Deeply affecting, Ouija: Origin of Evil proves to be something more than a regular trip to the cinema. Still reeling from this experience, I am drunk on the possibilities for interpretation. Suffice to say, itís one of the finest supernatural thrillers to emerge this millennium.
Set in 1965, medium Alice Zander (Elizabeth Reaser) gives readings for grieving families without any real conjurations. Her daughters Lina (Annalise Basso) and the youngest Doris (Lulu Wilson) offer behind-the-scenes help. Of course these scams seem short-lived, so Alice brings home a Ouija board. However, she cannot foresee Dorisí obsession with it.
Horror has always been a major part of storytelling. Long before silent movies wowed us through visual prowess, there were composers, books and theatrical productions manifesting gothic tales to excite the intellect. To fully appreciate Ouija: Origin of Evil, you have to recognise familiar elements, such as noises in the dark while marvelling at Mike Flanaganís bold direction. He makes every narrative twist feel like the first occurrence. Because itís so immediate, our ability to get sucked in can only increase.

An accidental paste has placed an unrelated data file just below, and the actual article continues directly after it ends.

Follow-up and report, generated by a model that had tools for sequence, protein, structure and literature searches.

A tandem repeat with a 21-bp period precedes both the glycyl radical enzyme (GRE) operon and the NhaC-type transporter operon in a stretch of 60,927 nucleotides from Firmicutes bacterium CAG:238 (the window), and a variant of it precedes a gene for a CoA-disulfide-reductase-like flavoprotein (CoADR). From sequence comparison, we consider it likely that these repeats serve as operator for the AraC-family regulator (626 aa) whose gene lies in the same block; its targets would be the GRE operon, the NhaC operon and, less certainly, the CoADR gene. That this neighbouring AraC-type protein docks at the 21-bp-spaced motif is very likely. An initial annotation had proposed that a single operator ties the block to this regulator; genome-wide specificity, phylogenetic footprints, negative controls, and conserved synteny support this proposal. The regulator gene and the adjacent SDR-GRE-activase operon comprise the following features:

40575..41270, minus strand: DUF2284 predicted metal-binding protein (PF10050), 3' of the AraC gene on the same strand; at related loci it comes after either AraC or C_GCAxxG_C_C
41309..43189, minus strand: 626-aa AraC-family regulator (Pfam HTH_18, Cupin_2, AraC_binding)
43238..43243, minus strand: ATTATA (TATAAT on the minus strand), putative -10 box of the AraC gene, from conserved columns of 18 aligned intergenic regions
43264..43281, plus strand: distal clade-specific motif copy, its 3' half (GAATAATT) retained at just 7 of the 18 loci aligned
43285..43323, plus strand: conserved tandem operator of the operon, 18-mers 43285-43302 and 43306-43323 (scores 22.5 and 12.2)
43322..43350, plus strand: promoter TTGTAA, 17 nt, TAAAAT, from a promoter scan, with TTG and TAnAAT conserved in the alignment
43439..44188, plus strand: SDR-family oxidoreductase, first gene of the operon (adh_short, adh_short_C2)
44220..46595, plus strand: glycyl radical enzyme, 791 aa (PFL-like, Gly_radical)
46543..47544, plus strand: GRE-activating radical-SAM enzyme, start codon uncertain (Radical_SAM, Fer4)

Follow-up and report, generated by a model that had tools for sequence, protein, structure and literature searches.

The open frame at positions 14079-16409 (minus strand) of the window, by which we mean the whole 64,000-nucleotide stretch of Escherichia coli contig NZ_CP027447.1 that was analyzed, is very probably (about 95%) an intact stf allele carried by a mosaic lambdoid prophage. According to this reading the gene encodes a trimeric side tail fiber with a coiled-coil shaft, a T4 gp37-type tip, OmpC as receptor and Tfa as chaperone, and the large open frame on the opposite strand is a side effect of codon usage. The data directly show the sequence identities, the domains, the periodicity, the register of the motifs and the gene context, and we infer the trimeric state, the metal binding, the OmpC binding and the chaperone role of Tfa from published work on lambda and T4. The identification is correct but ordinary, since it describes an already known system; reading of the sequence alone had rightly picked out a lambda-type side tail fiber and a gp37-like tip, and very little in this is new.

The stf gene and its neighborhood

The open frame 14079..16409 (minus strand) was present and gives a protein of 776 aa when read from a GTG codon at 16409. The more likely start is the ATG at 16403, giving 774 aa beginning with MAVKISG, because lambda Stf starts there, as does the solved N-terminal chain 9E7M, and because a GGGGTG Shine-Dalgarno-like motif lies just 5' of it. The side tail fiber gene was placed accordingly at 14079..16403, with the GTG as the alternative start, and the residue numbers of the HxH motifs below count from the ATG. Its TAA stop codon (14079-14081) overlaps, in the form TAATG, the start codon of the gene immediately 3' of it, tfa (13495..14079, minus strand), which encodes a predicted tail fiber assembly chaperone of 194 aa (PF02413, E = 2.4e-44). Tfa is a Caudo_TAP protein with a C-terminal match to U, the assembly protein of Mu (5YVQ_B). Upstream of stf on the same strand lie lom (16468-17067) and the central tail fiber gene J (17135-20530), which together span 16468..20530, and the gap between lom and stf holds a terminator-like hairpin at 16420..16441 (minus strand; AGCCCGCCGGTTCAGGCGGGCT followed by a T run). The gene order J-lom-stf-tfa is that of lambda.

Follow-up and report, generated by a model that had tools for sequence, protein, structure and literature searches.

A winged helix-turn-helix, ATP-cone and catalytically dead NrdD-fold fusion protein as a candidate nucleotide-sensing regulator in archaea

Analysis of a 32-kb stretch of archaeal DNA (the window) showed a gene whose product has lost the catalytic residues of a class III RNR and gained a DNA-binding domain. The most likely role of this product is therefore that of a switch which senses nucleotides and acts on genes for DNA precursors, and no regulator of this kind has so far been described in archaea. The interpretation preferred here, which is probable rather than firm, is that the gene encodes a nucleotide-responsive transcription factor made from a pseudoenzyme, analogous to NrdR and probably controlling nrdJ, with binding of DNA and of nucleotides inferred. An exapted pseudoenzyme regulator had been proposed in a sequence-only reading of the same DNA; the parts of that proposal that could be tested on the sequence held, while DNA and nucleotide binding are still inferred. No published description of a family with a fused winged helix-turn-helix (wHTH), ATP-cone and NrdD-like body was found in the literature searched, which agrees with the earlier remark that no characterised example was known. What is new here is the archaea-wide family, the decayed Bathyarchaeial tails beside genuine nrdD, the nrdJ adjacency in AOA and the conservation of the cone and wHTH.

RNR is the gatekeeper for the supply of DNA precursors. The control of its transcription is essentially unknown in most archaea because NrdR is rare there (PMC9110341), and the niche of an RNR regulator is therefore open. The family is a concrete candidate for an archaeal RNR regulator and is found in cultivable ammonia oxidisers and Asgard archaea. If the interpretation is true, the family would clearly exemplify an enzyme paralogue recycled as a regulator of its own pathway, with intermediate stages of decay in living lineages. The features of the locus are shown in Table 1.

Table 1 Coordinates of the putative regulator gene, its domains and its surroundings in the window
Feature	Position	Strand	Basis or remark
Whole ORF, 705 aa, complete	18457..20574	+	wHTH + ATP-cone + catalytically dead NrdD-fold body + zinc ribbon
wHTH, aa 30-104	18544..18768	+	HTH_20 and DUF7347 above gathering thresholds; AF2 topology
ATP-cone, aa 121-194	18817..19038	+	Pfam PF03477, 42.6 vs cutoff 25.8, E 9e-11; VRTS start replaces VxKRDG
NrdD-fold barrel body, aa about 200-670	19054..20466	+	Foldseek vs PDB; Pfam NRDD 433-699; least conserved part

Brazenly scored by The Newton Brothers, Ouija: Origin of Evil succeeds via intrigue not jump scares. Itís more about the unknown, as well as the insecurities people encounter when dealing with the spirit world. In short, itís a marvellous journey.
Time for a stanza or three:
Souls withered, ripe for decomposition
Forces unseen, chaotic possession.
Ouija: Origin of Evil
better than usual.
Acting the maximum share
tokens hidden by lair.
Lulu Wilson on the brink
of something that cannot sink.
Camerawork and editing the best.
All good on pacing, no pest!
The bar goes up ten
reaching monumental den.
(Released by Universal Pictures and rated "PG-13" for disturbing images, terror and thematic elements.)